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English pronunciation

(9 Posts)
Cat2408 Sun 18-Oct-09 14:08:47

Hi everyone, have discovered this brilliant topic while trying to check out when does a baby pronunciation become an issue.
Have just noticed that my totally bilingual daughter can not pronounce 'th' or 'r' still. She is in Grande Section, in France and was born here. My concern is that it is a common problem for French people speaking English,not just a common baby error but at 5, shouldn't she have got the hang of pronouncing them correctly. I don't want to worry unnecessarily but don't want it to be something we ignore till it is too late.

Her teacher assures me that her French language skills are on a par with all the other children in the class, indeed even to the extent that she has a very broad local accent! She is very well spoken in English as we have always spoken to her the same as we would an adult and she has no contemporary English speaking friends, so not sure if she will grow out of this or do we need to try and get it sorted and if so, how.

Cheers to anyone who can let me know if this is within the normal range or not.

cory Sun 18-Oct-09 17:56:09

I used to worry tremendously about ds's Swedish pronunciation until I went back to Sweden and found that his monolingual Swedish cousins weren't so hot on pronunciation either. In fact, it was the r's causing problems for both of them. Ds learnt them around the age of 7 or 8: his cousin who is 8 still can't do them terribly well.

I think when we are the parent trying to maintain the minority language, we judge them against an adult standard= ourselves.

SophiePloeg Sun 18-Oct-09 19:05:02

My nearly 5 year old is being brought up in the UK and speaks nearly solely English (sniff, workign on the bilungual thing) and struggles to say the 'th', like in 'teeth'. So don't worry, even 'single-lingual' kids won't manage it for a while.

mamaloco Mon 19-Oct-09 09:48:50

My nearly 5 DD is raised in romania, her main language is english and my language is French. Her prononciation is good in romanian (school language) and quite good in english.
She does struggle in french with the CH, R (prononces it Y) which makes her difficult to understand in french, she just got the french U right because of her german lessons. She won't listen to me if I correct her but will listen to a teacher shock. They had a ortophonist (spelling?) at school and he didn't seem worried about her more than any of the monolingual romanian kids.
Saying that did read somewhere that if a child has a problem it is better to get it sorted sooner.
May be you could try to get her in a singing class (they do try to get the prononciation right) or an get a teacher/some body else than you to speack english with her, so they can correct her?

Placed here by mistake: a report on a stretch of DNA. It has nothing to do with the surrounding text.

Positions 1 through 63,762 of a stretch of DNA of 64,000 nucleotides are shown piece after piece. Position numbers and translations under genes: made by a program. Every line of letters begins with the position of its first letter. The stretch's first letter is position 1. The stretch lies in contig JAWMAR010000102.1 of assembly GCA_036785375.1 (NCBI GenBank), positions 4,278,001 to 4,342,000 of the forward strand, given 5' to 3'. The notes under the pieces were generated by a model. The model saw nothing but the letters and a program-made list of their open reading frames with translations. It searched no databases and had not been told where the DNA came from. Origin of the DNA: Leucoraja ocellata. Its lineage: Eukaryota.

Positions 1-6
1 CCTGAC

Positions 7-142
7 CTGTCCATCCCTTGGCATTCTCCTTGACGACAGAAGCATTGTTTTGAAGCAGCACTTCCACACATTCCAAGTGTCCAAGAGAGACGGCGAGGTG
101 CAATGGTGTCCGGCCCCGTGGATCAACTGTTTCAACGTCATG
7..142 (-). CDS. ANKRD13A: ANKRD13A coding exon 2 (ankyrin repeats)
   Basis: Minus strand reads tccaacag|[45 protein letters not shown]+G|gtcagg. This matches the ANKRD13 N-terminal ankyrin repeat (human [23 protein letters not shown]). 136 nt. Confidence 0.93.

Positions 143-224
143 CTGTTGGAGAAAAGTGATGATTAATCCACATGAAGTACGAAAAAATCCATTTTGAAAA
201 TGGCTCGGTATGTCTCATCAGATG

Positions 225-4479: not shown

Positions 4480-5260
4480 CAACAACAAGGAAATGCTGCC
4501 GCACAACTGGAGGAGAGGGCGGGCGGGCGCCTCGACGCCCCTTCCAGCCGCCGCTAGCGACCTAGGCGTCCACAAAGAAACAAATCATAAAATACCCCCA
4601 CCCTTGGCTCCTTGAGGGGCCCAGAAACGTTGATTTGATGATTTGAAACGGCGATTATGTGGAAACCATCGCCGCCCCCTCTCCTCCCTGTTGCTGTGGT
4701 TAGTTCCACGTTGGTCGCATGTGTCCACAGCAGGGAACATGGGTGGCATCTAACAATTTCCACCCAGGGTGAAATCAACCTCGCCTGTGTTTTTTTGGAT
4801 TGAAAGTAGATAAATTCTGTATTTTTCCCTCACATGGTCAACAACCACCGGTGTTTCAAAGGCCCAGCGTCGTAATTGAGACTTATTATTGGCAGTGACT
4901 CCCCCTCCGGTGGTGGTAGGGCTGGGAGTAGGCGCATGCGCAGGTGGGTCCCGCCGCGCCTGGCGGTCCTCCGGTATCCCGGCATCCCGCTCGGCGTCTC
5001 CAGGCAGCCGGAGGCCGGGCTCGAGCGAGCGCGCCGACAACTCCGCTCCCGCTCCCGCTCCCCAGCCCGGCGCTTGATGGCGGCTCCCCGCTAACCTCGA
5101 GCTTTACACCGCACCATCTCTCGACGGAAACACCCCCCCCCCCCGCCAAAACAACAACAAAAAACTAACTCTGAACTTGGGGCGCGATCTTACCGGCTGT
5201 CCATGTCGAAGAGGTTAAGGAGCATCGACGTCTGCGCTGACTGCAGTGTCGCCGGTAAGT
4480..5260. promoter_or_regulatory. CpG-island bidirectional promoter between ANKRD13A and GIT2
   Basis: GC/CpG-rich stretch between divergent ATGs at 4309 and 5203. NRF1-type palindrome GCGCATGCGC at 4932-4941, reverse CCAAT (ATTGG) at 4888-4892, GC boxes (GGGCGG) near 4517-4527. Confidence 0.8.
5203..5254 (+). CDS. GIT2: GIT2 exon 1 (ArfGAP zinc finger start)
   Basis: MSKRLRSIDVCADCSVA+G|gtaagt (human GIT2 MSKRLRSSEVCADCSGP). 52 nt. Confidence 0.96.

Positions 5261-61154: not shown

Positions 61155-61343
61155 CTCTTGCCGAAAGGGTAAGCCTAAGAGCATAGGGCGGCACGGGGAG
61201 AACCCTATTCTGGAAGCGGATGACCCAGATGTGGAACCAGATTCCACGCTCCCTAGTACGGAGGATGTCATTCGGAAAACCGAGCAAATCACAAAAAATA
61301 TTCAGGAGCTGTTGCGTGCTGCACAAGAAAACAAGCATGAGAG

If you are really worried you can check with an orthophonist, but I think she is probably set for french (school language always becomes dominant) hence her problems with the english TH and R (can she do the french R yet?)

BriocheDoree Mon 19-Oct-09 14:16:51

I seem to remember that it's as late as age 7 that you start to worry about kids who can't pronounce "th". It's a pretty difficult sound to make, after all! DD is also in GS in France and has only just started to pronounce "Th" correct in "thank you" and still pronounces "little" as "lickle" when she's not concentrating.

Bucharest Mon 19-Oct-09 14:22:26

It's a problem for some native speakers (see hoooooooge thread about teacher who says "anyfink") It's nothing to do with bilingualism, although of course, the /th/ sound is difficult for some non-native speakers too.
The English /r/ and the French /r/ are about as far apart as a "r" can be while still being the same letter, so maybe your dd has problems because she hears it much more frequently in French than in English?
What exactly are her problems with these sounds?

Cat2408 Tue 20-Oct-09 12:57:54

Thanks for all the replies, maybe I am worrying a bit too much but when you don't have anything to compare it to, its difficult.
With the 'th' she says 'f' and instead of 'r' she says 'w' as in 'wabbit'. She has no problems whatsoever with a french 'r' - to the extent that she corrects me, even though my french is pretty good overall.
She doesn't get to hear much English outside home to be honest, we have some English speaking friends but not many locally.
Should I give it another year and see if there is some improvement then? I think the singing's a good idea but unfortunately she is not much of a 'joiner', prefers to do everything 'toute seul' (alone, for those who don't speak french)!
I need to get the 'th' sorted as our family name begins with 'th' lol!

MmeLindt Thu 22-Oct-09 16:38:15

My DD is 7yo and has just recently started pronouncing 'th' correctly, and still sometimes has to be reminded. She was also not pronouncing 'ch' (as in church).

She had some sessions with a SALT when we still lived in Germany and we did the exercises with her for a while. Things like saying "choo chooo chooo train. ch ch ch"

Tbh, I don't think that it was necessary. Our paediatrician pushed for the speech therapy, DD's kindergarten teacher was surprised and said that she would likely grow out of it.

We are now in French speaking Switzerland and she speaks more English here as we have other expat friends. That has really helped her language skills.

Could you find out if there are any English speaking families nearby?

Cat2408 Fri 23-Oct-09 13:26:30

Thanks, for the reassurance. I am about to start teaching her to read in English, so hopefully, that will help things along.

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